Wallenda and DLK-1, the respective Drosophila and C. elegans orthologues of DLK, are also known to be regulated by a ubiquitin-proteasomal degradation mechanism involving the E3 ligase Highwire/RPM-1 (Nakata et al. 2005; Collins et al. 2006). In the worm, this degradation is facilitated by PPM-2, a protein phosphatase that dephosphorylates DLK-1 at a serine residue critical for the binding of a shorter DLK-1 isoform (Baker et al. 2014). The primary function of this isoform is to inhibit DLK-1 function because its Ca2+-mediated dissociation switches DLK-1 activity from off to on state in neurons (Yan and Jin 2012). Furthermore, Wallenda and DLK-1 are both activated by conditions that affect cytoskeletal stability, such as mutations in the actin-microtubule cross-linking protein Short stop (Valakh et al. 2013) or tubulin (Chen et al. 2014). Consistent with these data are studies in mammalian sensory neurons showing that genetic ablation of DLK abolished almost completely phosphorylation of the JNK substrate c-Jun in response to cytoskeleton-disrupting drugs (Valakh et al. 2015). Taken together, these findings point to a role for DLK signaling in the detection of cytoskeletal perturbations.

Biological Functions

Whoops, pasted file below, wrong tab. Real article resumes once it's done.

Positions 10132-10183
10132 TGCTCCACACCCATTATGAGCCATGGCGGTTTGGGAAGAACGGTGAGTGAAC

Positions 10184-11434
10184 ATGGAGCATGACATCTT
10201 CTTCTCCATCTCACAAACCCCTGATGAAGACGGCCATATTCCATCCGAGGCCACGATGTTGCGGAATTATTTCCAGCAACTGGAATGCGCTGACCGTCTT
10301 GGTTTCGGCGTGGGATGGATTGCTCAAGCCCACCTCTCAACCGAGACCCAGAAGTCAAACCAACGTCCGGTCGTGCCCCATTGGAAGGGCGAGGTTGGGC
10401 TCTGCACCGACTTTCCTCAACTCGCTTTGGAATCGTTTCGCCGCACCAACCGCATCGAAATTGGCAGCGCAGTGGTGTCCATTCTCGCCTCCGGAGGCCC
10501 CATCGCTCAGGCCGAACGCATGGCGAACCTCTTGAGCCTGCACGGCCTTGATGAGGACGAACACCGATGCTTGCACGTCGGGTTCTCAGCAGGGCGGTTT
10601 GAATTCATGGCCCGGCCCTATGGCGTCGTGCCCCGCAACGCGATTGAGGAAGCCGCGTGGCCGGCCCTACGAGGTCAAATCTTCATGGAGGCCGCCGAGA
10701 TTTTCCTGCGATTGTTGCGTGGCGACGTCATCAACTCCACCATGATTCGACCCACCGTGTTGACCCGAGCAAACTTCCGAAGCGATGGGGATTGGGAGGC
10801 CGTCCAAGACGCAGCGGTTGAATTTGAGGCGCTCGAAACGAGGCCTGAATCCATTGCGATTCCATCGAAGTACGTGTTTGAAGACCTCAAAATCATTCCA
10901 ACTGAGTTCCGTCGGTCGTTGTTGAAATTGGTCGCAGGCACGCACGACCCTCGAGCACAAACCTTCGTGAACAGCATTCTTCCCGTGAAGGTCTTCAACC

In vitro studies with different types of cells have identified a role for DLK in the regulation of many physiological processes. For example, in rat pheochromocytoma PC12 cells and sympathetic neurons, ectopic expression of DLK induces apoptosis, whereas kinase-deficient DLK severely inhibits death caused by nerve growth factor deprivation (Xu et al. 2001). Consistent with a role in cell death, downregulation of DLK by RNA interference in mouse NIH 3 T3 fibroblasts and human MDA-MB-231 breast cancer epithelial cells blocked the apoptotic response induced by calphostin C (Robitaille et al. 2008). Based on its distribution during development, a role for DLK in cell differentiation has also been proposed (Nadeau et al. 1997). Accordingly, it was reported that DLK overexpression in poorly differentiated normal keratinocytes is sufficient to induce phenotypic changes associated with keratinocyte terminal differentiation, including upregulation of filaggrin expression, DNA fragmentation, activation of transglutaminases, and formation of corneocytes (Robitaille et al. 2005). Other evidence suggests that DLK may also play a role in adipocyte cell differentiation. Hence, in 3T3-L1 cells induced to undergo adipocyte differentiation, DLK expression is upregulated, and its knockdown by RNA interference completely blocks the accumulation of lipid droplets as well as the expression of the adipogenic markers adiponectin and fatty acid synthase. In agreement with this, cells lacking DLK show significantly less expression of the master regulators of adipogenesis, peroxisome proliferator-activated receptor (PPAR)-γ2, and the CCAAT enhancer-binding protein (C/EBP)α (Couture et al. 2009). Interestingly, DLK was also identified as a key regulator of axon growth in mammals. This is supported by the findings that DLK knockdown prevents neurite extension from cultured PC12 cells and mouse embryonic cortical neurons (Eto et al. 2010; Hirai et al. 2011). Finally, a recent work by Stahnke et al. (2014) has revealed a new role for DLK in regulating insulin gene expression through modulation of the transcriptional activity of MafA in islet beta cells. Collectively, these data indicate that DLK may fulfill different functions, depending on the stimuli and the cellular context.